The Rise and Demise of Children's International Human Rights

By Hodgson, Douglas | Forum on Public Policy: A Journal of the Oxford Round Table, Spring 2009 | Go to article overview

The Rise and Demise of Children's International Human Rights


Hodgson, Douglas, Forum on Public Policy: A Journal of the Oxford Round Table


PART A--Introduction

Writing in 1973, Hillary Rodham Clinton proclaimed that "The phrase 'children's rights' is a slogan in search of a definition." (1) While this assessment may have been accurate in 1973, the intervening 36 years have rendered this comment obsolete. As my paper will demonstrate, the United Nations has now achieved outstanding success in promulgating a comprehensive set of international human rights for children. Sadly, however, these normative standards have not yet been translated into the delivery of tangible benefits and services to children on the ground in many countries. Part B of my paper will briefly trace the historical development of children's rights at the national level. Part C will survey the emergence of children's international human rights during the course of the 20th century. Part D will involve a contemporary stocktake or report card on the degree to which these international human rights have favourably impacted on children's lives. Part E will endeavour to identify those factors which are impeding a fuller realization of children's international human rights. Finally, Part F will articulate a "14-Point Plan" in terms of reform proposals designed to achieve more effective implementation of these international normative standards.

PART B--The Historical Development of Children's Rights Under National Law

(1) Early Maltreatment

The notion that children have, or should have, rights is of relatively recent origin. Historically, children were regarded as socially insignificant and were consequently maltreated. Children received no special care or protection by the State. The use of children as political hostages and as security for debts is recorded in Babylonian history. (2) Sexual abuse of children, child sacrifices and the infanticide of female and illegitimate children occurred in the ancient world. (3) As unwanted or weakling children were considered a drain on the family, they were frequently abandoned or sold into slavery or prostitution. (4) What we now consider to be childhood was thought to be an unimportant transient period of physical and mental immaturity culminating in the assumption of adult responsibilities at an early age. Even as late as the 18th century, children were commonly regarded as human chattels, economic assets or property of the parents (predominantly the father). Parents enjoyed an absolute right to their children's obedience, services and earnings, and full control over their person and property. (5)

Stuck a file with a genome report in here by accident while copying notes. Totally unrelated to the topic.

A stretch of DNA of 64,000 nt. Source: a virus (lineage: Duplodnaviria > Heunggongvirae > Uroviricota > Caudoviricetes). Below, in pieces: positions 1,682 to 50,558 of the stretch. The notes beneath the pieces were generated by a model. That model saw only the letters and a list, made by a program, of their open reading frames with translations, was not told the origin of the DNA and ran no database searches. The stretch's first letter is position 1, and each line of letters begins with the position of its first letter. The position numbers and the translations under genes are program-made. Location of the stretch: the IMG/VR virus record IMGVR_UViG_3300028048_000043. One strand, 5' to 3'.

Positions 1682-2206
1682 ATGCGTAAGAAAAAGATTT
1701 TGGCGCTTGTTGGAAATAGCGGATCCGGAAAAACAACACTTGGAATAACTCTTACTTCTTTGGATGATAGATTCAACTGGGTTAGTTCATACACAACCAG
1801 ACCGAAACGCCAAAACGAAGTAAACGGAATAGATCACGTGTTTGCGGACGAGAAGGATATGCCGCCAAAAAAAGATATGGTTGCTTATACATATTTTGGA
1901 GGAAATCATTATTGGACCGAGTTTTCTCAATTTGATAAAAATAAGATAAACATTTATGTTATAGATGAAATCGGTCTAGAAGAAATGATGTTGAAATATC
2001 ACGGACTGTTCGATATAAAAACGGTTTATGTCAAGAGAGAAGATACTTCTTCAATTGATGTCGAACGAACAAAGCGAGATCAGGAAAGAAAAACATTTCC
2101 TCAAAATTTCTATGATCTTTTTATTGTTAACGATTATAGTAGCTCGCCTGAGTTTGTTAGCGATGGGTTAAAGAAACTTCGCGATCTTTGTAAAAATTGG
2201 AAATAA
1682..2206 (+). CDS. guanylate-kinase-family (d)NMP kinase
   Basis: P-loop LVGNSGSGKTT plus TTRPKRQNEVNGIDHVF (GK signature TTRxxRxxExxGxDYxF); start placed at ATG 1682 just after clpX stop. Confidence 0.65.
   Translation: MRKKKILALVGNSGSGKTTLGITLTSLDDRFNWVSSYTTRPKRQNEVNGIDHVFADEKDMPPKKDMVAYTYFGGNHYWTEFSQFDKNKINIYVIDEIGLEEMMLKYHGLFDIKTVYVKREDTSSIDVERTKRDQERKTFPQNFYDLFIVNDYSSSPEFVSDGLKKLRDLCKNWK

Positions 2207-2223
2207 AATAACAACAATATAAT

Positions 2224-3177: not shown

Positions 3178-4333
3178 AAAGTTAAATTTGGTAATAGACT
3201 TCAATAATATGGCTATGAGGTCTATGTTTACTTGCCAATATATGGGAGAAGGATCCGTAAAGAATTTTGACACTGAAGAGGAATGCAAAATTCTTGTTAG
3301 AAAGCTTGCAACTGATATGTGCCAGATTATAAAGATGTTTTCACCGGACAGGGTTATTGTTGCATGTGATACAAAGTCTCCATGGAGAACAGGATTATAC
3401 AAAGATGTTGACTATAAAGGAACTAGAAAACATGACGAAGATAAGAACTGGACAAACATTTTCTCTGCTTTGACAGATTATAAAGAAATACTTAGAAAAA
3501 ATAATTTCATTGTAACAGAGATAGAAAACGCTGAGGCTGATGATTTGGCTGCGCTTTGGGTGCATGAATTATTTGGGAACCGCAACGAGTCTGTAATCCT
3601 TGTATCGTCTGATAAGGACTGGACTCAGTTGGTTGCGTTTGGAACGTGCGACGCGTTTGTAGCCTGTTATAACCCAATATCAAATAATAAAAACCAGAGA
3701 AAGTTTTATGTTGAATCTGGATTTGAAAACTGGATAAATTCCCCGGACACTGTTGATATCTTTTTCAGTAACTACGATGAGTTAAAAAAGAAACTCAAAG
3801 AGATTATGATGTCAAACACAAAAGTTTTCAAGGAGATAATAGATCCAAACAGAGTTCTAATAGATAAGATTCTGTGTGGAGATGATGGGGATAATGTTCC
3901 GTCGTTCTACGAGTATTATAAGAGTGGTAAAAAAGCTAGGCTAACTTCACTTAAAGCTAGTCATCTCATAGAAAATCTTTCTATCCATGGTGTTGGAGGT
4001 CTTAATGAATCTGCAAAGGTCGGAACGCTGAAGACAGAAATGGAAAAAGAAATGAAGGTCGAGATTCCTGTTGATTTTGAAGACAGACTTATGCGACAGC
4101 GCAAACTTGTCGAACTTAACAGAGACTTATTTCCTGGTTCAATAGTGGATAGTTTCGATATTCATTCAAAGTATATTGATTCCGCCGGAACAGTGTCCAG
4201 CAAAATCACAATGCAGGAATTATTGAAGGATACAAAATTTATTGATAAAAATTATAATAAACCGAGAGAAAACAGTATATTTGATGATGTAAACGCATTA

(2) The Patria Potestas Doctrine

Until the 19th century, the ability of parents to mistreat their children with virtual impunity was attributable to the pervading and enduring influence of the Roman civil law doctrine of patria potestas, translated as paternal power or authority. This Latin phrase denoted the aggregate of those powers and rights which, by the Roman civil law, belonged to the father as head of a family in respect of his wife and children. (6) Originally it was of very extensive reach, entailing prerogatives of ownership in the children themselves and virtually unfettered paternal control over them. Western legal systems, civil and common law alike, adhered to a modern, mitigated version of patria potestas until the 18th century. (7) The puissance paternelle of the French Civil Code gave the father unchecked authority over his child's person and property until age 21.8 According to Sir William Blackstone, the common law regarded the father in most cases as his children's guardian. (9)

(3) The Common Law and the Parens Patriae Doctrine

Despite the support of the early common law for paternal authority and its rigours, in time the English Courts of Chancery relied increasingly on the perms patriae doctrine to extend benevolent protection to the vulnerable child. Literally translated, this Latin phrase means father or parent of the country, (10) and it was used to describe the power of the King or the Crown to act in loco parentis to protect the person or property of children.

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